In the present study, the survival rate of the POCR(+) group was better than that of the POCR(-) group (p = 0.0041), suggesting that achieving POCR after reduction hepatectomy could have an important impact on survival in patients with unresectable HCC. Moreover, even in the cases in which POCR was not achieved the administration of TKIs resulted in an improvement in survival outcomes; i.e., the survival rates of the POCR(-)TKI(+) group were better than those of the POCR(-)TKI(-) group (p = 0.0473). Thus, reduction hepatectomy could be effective against unresectable advHCC, especially when POCR is achieved via postoperative multidisciplinary therapy. Even in cases in which POCR is not achieved, the administration of TKIs should be considered in the postoperative period.
In ovarian carcinoma, the maximal resection of any primary or metastatic carcinoma followed by postoperative chemotherapy has become the standard treatment strategy . However, there are only a limited number of reports about reduction hepatectomy for HCC [10–13]. In the latter studies, it was reported that the OS rate after reduction hepatectomy for HCC ranged from 52–67.7% at 1 year, from 20.0–40.6% at 3 years, and from 10–21.7% at 5 years [11–13]. As different patients were selected and different treatment options were employed in different eras, it is hard to simply compare OS rates, although the OS rates described in previous reports were similar to those obtained in the present study.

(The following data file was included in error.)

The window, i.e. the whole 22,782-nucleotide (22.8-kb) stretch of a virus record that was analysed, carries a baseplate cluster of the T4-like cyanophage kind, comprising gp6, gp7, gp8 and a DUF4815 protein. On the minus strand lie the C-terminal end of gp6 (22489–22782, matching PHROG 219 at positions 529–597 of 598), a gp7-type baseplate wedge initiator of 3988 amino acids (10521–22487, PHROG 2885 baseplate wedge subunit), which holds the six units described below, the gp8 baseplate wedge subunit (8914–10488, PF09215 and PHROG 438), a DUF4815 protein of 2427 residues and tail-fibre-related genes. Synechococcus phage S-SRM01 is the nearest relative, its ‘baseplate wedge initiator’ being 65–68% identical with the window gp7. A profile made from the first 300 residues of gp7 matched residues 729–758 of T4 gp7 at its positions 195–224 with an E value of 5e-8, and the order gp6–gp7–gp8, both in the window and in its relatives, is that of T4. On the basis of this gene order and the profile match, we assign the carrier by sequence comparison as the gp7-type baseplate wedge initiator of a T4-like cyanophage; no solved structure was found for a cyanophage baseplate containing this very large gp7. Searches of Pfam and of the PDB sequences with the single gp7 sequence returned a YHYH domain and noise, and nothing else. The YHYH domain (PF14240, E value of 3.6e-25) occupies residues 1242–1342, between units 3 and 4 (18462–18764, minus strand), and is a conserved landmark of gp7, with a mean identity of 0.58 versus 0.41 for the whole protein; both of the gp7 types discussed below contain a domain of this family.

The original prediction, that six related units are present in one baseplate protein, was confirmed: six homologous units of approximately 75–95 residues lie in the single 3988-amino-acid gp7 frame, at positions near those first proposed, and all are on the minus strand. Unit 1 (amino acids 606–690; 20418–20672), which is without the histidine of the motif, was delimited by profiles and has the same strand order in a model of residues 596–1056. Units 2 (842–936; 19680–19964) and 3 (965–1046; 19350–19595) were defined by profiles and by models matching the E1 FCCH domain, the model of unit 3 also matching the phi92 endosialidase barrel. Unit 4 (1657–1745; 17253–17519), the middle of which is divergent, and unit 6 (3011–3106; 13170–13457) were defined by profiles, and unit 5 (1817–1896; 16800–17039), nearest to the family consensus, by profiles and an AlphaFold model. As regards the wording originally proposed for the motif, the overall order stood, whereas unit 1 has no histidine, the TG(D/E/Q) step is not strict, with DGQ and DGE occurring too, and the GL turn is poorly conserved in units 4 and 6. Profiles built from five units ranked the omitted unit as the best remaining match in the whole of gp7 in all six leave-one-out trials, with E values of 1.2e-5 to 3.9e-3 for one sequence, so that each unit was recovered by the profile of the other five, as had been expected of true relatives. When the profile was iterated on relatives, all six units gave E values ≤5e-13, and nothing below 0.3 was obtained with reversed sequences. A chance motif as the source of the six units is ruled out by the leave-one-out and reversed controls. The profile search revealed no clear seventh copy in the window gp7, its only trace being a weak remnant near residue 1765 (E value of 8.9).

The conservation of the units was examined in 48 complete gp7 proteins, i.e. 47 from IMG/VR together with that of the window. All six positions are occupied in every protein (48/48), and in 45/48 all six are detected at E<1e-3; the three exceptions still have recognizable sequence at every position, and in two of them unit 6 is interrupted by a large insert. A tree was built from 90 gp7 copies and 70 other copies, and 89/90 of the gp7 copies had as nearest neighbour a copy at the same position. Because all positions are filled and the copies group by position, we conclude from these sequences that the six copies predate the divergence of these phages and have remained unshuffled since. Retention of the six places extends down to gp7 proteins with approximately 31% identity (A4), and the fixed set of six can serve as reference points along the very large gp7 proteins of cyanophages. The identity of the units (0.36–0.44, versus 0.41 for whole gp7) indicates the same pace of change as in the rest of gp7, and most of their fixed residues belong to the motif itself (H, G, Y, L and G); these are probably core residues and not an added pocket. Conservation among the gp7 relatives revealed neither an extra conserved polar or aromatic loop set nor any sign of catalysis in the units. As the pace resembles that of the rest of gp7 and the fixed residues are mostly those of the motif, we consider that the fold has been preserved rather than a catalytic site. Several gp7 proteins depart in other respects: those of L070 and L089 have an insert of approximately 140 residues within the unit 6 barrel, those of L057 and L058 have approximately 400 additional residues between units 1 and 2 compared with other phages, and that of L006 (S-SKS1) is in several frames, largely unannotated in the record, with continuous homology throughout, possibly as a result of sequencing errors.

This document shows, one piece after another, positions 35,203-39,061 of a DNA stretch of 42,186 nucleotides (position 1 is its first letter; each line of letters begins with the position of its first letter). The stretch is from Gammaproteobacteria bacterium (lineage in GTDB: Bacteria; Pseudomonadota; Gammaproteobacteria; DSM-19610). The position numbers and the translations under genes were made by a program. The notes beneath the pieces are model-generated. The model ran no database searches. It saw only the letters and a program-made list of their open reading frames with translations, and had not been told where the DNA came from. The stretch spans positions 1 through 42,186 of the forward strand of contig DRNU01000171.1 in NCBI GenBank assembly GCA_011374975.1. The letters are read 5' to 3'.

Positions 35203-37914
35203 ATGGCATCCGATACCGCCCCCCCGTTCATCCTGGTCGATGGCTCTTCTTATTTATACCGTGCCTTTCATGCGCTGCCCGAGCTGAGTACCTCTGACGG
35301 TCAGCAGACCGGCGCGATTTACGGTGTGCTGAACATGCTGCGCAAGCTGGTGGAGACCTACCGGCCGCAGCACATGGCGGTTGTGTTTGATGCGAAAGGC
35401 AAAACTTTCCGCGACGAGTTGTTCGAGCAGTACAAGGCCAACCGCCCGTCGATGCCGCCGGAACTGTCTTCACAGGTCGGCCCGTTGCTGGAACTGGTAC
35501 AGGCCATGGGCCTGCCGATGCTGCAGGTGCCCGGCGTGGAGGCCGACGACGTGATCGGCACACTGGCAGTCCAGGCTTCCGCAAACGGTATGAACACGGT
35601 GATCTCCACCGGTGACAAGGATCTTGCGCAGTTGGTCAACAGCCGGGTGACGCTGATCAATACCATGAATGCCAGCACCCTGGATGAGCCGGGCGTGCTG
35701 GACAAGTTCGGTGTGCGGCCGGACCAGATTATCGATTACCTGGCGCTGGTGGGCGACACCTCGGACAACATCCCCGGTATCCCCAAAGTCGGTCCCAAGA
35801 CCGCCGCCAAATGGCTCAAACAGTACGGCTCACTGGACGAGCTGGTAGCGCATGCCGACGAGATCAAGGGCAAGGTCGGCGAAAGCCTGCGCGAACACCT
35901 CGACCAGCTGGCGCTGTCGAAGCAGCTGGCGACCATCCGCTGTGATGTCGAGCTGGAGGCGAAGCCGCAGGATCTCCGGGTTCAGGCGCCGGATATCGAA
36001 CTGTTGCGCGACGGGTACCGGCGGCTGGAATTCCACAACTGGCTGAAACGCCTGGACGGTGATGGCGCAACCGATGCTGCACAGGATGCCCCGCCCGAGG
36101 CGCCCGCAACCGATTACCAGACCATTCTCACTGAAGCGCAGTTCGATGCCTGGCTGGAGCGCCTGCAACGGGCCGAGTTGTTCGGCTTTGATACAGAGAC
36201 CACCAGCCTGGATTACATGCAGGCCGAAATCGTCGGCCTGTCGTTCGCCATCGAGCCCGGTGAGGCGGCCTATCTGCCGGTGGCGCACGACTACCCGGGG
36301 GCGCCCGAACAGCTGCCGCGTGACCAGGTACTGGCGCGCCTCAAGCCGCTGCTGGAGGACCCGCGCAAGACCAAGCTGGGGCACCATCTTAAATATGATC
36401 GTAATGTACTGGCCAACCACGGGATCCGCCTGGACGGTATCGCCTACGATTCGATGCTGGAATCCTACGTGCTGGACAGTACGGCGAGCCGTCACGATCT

The potential prognostic factors identified in the univariate analyses in the current study were tumor size, vascular invasion, the number of tumors in the remnant liver, and whether POCR was achieved. Vascular invasion, which was diagnosed based on pathological examinations, was the only independent prognostic factor that exhibited significance in the multivariate analysis. However, pathological vascular invasion cannot be detected preoperatively. Thus, we decided to focus on POCR, which can be set as an aim of multidisciplinary therapy after reduction hepatectomy.